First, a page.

I know that Iain Dale wanted to play down the significance of another defection to UKIP by a vaguely-prominent Tory, but he could at least get the chap's name right and perhaps be a little less London-centric. And there was I thinking that bloggers might be a little different. [Iain has now corrected that mistake]
Alan, not Andrew, Blumenthal has jumped ship to Farage's merry band of men.
Alan/Andrew isn't quite the nonentity that Iain claims. He is a scion of a prominent local Tory family - numbering two Lord Mayors amongst his relatives, was thoroughly thrashed by Richard Burden in Northfield in 1997 and spent a number of years as a leading Tory councillor - during which he tried to get NWA to change their set during a 1990 performance (something about 'Fuck tha Police' appears to have raised his hackles). That's probably the only time I'll ever namecheck that group on this blog and I never thought I would.
Granted, Alan/Andrew isn't what you would call high profile - he's tried and failed to get back on to the council in recent years - but there is still some local news value in this story in a city where David Cameron has been particularly interested in courting the local Tory vote. Don't forget that not so long ago, Birmingham had a raft of Tory MPs, but the parliamentary vote has been in freefall for over a decade.
UKIP could be a problem for Cameron. When Blair started to lead the Labour Party to the centre ground, there were some naysayers, but they had to stick with the party, because there was nowhere else to go - the SWP being capable of fighting like cats in a sack over the minutiae of left-wing politics, but offering nothing like a cohesive platform or, more importantly, political presence. Respect has arisen out of an unholy alliance between the extreme left and certain Muslim groups, who have put aside their differences in the name of opposing Blair. What happens to the Gorgeous George Appreciation Society when Blair finally goes and when British troops complete their withdrawal from Iraq is going to be interesting. Will the cracks in that relationship finally prove too much?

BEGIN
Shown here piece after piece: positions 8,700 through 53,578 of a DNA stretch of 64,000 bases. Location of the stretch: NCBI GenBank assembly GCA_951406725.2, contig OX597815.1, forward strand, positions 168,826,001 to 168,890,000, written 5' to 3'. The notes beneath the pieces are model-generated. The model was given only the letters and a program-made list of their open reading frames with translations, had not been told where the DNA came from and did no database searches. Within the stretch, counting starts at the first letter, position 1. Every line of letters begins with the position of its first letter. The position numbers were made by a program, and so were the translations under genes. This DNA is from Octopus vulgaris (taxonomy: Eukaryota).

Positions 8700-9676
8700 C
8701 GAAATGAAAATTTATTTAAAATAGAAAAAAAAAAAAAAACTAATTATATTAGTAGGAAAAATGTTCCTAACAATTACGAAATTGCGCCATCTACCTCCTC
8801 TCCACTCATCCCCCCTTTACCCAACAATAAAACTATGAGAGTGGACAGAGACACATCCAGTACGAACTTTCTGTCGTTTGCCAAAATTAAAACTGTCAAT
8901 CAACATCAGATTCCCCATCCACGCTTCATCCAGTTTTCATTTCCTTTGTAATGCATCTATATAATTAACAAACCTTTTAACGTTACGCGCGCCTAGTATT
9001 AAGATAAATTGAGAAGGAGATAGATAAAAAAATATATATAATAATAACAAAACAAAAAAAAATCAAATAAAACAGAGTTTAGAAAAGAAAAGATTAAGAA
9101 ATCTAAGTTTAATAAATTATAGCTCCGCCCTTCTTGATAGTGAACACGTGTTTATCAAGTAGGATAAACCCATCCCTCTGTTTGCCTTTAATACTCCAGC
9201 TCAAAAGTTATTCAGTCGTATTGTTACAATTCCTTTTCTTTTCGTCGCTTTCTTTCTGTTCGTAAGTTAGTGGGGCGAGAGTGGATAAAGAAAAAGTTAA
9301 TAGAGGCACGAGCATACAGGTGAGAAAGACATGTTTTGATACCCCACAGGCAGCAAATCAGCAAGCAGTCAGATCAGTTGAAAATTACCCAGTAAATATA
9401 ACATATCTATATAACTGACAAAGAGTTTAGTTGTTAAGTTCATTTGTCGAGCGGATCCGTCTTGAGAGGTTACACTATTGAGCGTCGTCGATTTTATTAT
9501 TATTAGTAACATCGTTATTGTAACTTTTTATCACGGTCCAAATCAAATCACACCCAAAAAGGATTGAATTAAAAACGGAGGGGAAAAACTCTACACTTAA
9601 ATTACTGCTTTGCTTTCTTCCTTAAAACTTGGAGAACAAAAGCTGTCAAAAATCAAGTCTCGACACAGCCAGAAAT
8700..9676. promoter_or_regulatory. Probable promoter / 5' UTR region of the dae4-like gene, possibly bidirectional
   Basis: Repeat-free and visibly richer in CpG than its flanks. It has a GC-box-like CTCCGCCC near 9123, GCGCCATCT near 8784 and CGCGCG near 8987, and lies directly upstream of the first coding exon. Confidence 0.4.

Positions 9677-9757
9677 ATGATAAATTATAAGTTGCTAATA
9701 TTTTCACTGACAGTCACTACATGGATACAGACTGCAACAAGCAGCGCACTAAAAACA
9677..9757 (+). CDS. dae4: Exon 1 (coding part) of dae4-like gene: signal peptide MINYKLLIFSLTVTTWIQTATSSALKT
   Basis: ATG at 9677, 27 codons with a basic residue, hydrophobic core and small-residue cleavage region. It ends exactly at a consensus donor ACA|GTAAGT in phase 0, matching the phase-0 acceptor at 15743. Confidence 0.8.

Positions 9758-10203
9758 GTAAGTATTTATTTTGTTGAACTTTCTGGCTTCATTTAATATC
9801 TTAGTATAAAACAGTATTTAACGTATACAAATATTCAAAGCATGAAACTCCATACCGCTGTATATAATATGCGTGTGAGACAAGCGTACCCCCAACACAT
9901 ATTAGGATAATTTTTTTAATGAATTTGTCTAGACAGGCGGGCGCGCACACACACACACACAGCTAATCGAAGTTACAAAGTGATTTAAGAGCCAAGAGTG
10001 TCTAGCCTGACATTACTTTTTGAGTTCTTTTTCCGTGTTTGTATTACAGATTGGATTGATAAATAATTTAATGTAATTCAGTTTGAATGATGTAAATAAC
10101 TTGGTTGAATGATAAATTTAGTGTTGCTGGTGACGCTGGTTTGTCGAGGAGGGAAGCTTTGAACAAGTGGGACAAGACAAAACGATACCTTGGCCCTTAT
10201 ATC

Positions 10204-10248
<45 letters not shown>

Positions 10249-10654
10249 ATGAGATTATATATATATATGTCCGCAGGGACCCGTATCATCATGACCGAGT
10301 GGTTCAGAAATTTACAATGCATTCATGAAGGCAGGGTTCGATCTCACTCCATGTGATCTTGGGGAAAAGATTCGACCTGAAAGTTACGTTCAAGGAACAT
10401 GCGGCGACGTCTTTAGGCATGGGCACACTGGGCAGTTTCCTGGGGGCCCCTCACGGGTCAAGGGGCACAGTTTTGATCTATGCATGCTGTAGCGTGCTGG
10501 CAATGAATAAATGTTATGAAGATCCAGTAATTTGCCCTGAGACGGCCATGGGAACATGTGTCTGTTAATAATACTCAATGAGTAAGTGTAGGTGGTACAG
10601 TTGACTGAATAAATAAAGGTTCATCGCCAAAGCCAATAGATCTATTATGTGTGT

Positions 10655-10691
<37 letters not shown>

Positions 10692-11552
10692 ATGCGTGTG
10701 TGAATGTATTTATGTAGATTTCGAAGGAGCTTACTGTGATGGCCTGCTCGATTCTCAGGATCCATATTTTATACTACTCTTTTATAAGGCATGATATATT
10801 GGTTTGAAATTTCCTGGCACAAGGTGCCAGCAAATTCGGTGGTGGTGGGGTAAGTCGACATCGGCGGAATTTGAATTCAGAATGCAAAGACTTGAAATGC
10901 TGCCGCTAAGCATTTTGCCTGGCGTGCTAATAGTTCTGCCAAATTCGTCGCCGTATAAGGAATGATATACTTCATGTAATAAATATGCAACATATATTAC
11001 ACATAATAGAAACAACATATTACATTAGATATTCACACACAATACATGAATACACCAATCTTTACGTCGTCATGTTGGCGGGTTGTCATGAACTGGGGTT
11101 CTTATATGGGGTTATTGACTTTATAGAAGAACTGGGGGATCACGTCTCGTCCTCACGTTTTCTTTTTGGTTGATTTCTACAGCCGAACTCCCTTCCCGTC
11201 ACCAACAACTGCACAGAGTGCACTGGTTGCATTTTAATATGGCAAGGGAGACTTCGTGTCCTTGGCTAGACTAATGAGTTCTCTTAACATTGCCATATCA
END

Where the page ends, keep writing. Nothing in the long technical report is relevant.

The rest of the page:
While Cameron is trying to drag the Tories to the middle ground, he is aware that the party supporters have a choice. While Nigel Farage has been to the Ian Paisley school of public speaking - even on the radio, his voice seems to be turned up to 11 - he does have some political force behind him in his motley crew of MEPs and councillors. There is a degree of legitimacy in UKIP absent from the SWP and similar groups and a lot less stigma attached to those who change allegiance.
Cameron is risking his hopes on a belief that Tory supporters have had so much of Labour that they will back anything with a blue rosette without looking too deeply at whatever policies he agrees to show us. Blair knew that Labour supporters had no credible alternative, but that doesn't look to be the case for the Tories. Cameron's success will hinge upon him capturing great chunks of the swing vote without losing too many of the old guard traditionalists to apathy or UKIP.